With the NFL combine starting Feb. 22, we're taking a look at positions of need and who the Cincinnati Bengals might be looking at during the combine at those positions.
Position of need: Running back
You'll hear the following repeated often this week: the Bengals have relatively few draft needs. It's true. Unlike some teams that are looking for immediate starting help at specific spots, the Bengals are primarily in depth-building mode. They're on the hunt for young players who could be talented backups in the short term and groomed into potential all-stars in the long term. Even their greatest need -- cornerback -- isn't that big of a concern because of the number of experienced players they have. To that end, it's kind of a reach to consider running back a true area of need, but it is a spot the Bengals could focus on if they feel the right players are available. With a greater emphasis on being physical on offense, Cincinnati might want to explore bringing in another running back to ease the workload from Giovani Bernard and BenJarvus Green-Ellis. Of course, Cedric Peerman, Rex Burkhead and Orson Charles are already on the roster to do just that, but another physical running back could help in the event injuries occur. With Green-Ellis nearing the end of his contract and approaching 30, the Bengals might decide to use this draft to prepare for a future without him. Since the position isn't a major need, Cincinnati likely would look at adding a back in the middle to later rounds if it decided to pick one.
Three players the Bengals might be targeting (all three are expected to be at the combine)
James Wilder Jr. (RB), Florida State: At 6-foot-2 and 229 pounds, Wilder packs the type of physical punch that could make for a good counter to the more shifty, speedy Bernard in future seasons. The son of former Buccaneers tailback James Wilder, the FSU product also has the type of speed that can make him an open-field threat. He's coming to the combine having previously been timed at 4.55 seconds in the 40-yard dash. He also isn't foreign to the multiback scheme the Bengals likely will be implementing under new offensive coordinator Hue Jackson. Wilder was the power back in a college offense that featured the speedy Devonta Freeman and the hybrid Karlos Williams. His combination of size, strength and speed should make him an early-round pick, but questions about the three-year player's maturity could make him slip below the third round.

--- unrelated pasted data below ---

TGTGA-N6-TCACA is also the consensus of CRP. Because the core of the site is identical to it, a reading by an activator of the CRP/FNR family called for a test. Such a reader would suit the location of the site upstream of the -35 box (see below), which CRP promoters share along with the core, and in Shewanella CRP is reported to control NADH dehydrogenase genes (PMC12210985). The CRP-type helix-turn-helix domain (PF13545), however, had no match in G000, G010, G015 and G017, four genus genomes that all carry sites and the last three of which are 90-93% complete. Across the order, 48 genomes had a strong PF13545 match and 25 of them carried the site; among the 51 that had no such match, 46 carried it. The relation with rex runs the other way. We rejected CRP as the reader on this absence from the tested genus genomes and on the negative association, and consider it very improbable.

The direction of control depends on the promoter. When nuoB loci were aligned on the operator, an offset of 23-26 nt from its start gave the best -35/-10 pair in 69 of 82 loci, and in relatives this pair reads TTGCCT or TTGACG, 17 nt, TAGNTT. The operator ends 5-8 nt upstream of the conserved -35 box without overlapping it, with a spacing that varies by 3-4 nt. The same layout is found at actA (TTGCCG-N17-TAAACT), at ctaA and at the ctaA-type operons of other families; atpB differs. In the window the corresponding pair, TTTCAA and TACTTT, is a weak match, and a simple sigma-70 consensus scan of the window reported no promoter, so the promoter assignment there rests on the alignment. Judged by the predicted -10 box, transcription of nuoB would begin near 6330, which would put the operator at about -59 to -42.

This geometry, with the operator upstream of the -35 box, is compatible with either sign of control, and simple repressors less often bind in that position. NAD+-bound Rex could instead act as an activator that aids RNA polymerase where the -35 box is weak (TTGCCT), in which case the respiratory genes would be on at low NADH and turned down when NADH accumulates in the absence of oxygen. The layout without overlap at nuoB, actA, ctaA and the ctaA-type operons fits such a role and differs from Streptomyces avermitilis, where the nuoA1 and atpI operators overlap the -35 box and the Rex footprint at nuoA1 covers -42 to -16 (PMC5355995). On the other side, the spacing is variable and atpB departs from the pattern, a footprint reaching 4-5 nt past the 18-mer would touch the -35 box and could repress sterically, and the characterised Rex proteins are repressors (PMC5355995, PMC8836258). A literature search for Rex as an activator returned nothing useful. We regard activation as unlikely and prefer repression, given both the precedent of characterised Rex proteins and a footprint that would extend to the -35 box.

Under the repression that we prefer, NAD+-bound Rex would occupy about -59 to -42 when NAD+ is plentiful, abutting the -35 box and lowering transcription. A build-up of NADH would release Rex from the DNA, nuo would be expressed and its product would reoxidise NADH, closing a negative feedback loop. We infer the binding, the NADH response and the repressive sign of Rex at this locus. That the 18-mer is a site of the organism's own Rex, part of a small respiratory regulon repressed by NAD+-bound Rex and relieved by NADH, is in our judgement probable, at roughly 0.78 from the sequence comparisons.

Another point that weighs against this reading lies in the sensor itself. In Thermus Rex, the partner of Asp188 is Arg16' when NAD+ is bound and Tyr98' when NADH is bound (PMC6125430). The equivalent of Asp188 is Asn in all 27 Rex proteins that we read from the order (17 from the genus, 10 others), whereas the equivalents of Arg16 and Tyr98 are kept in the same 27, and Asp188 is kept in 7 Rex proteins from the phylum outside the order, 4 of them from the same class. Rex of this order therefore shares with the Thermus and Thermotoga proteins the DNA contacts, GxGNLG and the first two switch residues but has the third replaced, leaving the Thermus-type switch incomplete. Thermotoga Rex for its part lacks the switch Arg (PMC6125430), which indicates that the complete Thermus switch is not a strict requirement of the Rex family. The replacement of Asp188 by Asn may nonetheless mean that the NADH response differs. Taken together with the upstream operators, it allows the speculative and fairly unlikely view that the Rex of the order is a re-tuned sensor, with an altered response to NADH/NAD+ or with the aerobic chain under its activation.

Antonio Andrews (RB), Western Kentucky: Again, don't expect the Bengals to make a splash with an early-round running back like Ohio State's Carlos Hyde, even if he matches some of the physical tools they might seek at the position. With other positions likely getting picked before they select a running back, the Bengals' later round search may end up taking them to Andrews. Not quite as big as Wilder, Andrews (at 5-foot-10, 225 pounds) still has a physical style of running. He also has shown a knack for being featured in the passing game, as demonstrated by his 41 receptions in 2013. While his hands are good enough to catch passes, his hands also are one of his weaknesses. He had six of the Hilltoppers' 26 fumbles last season.
David Fluellen (RB), Toledo: It wouldn't be surprising to see the Bengals stay close to home when it came to making a potential running back pick. Along with the southern Kentucky native Andrews, Toledo's Fluellen possesses some of what the Bengals could be looking for in a hard-running back. He's 5-foot-11 and 226 pounds with a pre-combine 4.66 40-yard dash time. He might not be the quickest runner, but his six-straight 100-yard rushing performances last season indicate Fluellen's ability to continue picking up yards as he's given carries.